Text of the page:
Fibres in mascara – blessing or a curse?

We expect more from mascara than intense colour. We want maximal length, colossal volume and perfect separation of each eyelash.

Mascara manufacturers try to meet this demand by coming up with new shapes for the wands and by equipping their products in the most innovative ingredients, which are expected to provide the best appearance of the eyelashes. One of the most extreme ideas is use of polyester or nylon fibres, which are to build up these desired millimetres to the eyelashes and significantly intensify the look. It is pretty catchy, because it works with our imagination. The word fibre alone makes us think that the mascara bottle holds within some sort of “liquid eyelashes”, which will ensure extreme length. Is that really what is going to happen?

What are they and how do fibres in mascara work? Is it safe? Should you invest in mascara containing synthetic fibres? We want to give you all the facts concerning fibres in mascara?

1. What are the fibres and what is they impact on eyelashes?

Fibres in mascara are mostly obtained from artificial ingredients: cellulose, nylon, polyester. These substances are pretty common in industry and are used to make, for instance: cord, bicycle parts, tights, ropes, synthetic fabrics that do not pass air up. These are quite thick and dense substances in form of microscopic particles pressed in the mascara. Their presence is supposed to guarantee the effect of scandalously long and dense eyelashes. With first application mascara indeed seems to intensify the appearance of lashes: these are slightly longer, but not denser. Fibres mostly add length, not volume. Each next application try ends up badly and creates an ugly effect of, so called spider legs. Moreover, synthetic fibres can cause clumps and on the eyelashes.

2. The consistency of mascara with fibres vs. its impact on the eyelashes’ appearance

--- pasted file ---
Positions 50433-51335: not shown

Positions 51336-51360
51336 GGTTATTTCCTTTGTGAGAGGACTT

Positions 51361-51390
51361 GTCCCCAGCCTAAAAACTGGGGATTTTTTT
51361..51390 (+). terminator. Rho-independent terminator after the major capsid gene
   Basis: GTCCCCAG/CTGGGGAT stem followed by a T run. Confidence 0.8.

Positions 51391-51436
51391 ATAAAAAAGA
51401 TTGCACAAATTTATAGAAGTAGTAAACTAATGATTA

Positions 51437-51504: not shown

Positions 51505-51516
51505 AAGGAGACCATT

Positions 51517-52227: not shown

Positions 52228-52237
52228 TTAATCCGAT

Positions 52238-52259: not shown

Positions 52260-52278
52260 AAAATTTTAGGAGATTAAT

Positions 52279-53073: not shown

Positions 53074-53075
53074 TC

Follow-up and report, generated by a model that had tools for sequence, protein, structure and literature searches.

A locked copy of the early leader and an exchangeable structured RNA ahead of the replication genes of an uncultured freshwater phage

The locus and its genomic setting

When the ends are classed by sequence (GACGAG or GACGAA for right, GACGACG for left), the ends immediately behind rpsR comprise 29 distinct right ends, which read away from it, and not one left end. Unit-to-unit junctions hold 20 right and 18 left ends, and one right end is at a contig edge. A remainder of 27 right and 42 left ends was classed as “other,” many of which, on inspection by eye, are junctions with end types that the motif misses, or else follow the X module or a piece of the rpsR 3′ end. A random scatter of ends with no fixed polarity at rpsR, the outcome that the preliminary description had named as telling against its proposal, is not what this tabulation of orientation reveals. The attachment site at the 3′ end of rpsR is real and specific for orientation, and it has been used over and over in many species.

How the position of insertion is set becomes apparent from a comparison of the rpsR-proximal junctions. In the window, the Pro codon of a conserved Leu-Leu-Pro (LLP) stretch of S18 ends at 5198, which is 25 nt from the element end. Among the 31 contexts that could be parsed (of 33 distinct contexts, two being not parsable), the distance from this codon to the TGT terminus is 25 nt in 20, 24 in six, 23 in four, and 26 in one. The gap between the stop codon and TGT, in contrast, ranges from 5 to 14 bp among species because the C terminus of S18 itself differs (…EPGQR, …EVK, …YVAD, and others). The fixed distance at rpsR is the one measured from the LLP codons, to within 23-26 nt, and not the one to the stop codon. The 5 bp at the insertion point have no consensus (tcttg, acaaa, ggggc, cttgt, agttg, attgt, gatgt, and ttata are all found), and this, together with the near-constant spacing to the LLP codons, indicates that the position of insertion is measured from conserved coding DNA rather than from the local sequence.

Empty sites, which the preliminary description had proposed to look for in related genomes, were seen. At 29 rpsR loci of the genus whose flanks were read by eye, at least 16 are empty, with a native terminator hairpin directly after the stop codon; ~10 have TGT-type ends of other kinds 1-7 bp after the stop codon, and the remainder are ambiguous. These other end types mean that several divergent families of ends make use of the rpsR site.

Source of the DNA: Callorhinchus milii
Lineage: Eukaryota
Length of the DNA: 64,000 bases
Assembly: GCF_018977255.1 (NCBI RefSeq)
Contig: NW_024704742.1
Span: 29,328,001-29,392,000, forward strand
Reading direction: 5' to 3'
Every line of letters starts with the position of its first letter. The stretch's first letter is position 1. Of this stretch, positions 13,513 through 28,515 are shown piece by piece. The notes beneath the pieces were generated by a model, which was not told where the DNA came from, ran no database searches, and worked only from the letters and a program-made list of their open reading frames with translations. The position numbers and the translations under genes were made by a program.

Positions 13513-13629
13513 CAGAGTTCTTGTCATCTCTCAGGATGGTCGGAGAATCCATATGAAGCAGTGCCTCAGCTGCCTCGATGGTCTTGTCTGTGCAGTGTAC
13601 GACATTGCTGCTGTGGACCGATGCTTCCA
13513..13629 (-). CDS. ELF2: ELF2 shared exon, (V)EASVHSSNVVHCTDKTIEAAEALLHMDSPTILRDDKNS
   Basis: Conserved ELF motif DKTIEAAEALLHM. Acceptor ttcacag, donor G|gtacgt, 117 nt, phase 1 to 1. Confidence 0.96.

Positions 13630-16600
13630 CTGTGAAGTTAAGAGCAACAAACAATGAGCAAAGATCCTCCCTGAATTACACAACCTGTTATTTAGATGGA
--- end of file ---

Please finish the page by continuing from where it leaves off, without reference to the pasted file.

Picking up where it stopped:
Mascara with fibres has quite thick consistency. It happens because microscopic fibres must gain a grip while performing a make-up. Too runny texture of mascara would never provide such action. As a result you get thick product that clumps eyelashes and barely separates them. The effect of mascara with fibres will never be natural, and the application of it will require skilful hand.

3. Fibres vs. the long lasting mascara

Due to fact that mascara with fibres is already thick at the very beginning, after 2-3 months it will get even thicker and make-up with it will look unprofessional and just ugly. What is more, fibres in the mascara are not slick, but matte. Unfortunately, this does not ensure the effect of healthy and glossy eyelashes. Mascara with fibres should usually be thrown away after about two months. Dry consistency of the mascara enriched with fibres also disrupts the durability after the application – such mascara does not stays on throughout the day and flakes.

4. Fibres in the mascara vs. sensitive eyes

Because synthetic fibres are derived from the distillation of crude oil, these can cause allergies with people who have sensitive eyes. Derivative from the distillation of crude oil is usually clogging product, which means that at contact with skin or delicate eye it disrupts processes on its surface. It can result with infection and allergy.

5. Fibres in mascara vs. contact lenses

We do not have good news here either. After few hours following the application, fibres tend to flake and get into the eyes, under the eyelid and (sadly) under the contact lenses. Fragments of the mascara are difficult to remove and may slightly irritate the eye, not to mention the overall comfort while wearing lenses.

6. Make-up removal of mascara with fibres

Make-up removers have no easy job either. The gentle one may not be able to remove mascara with synthetic fibres. There is no way you remove the mascara without rubbing the eye. On the other hand, strong make-up remover tends to cause irritations and should not be used on the daily basis. Frequently happens that during the make-up removal, fragments of the mascara, instead of staying on the cotton pad – get under the eyelid and are almost impossible to remove.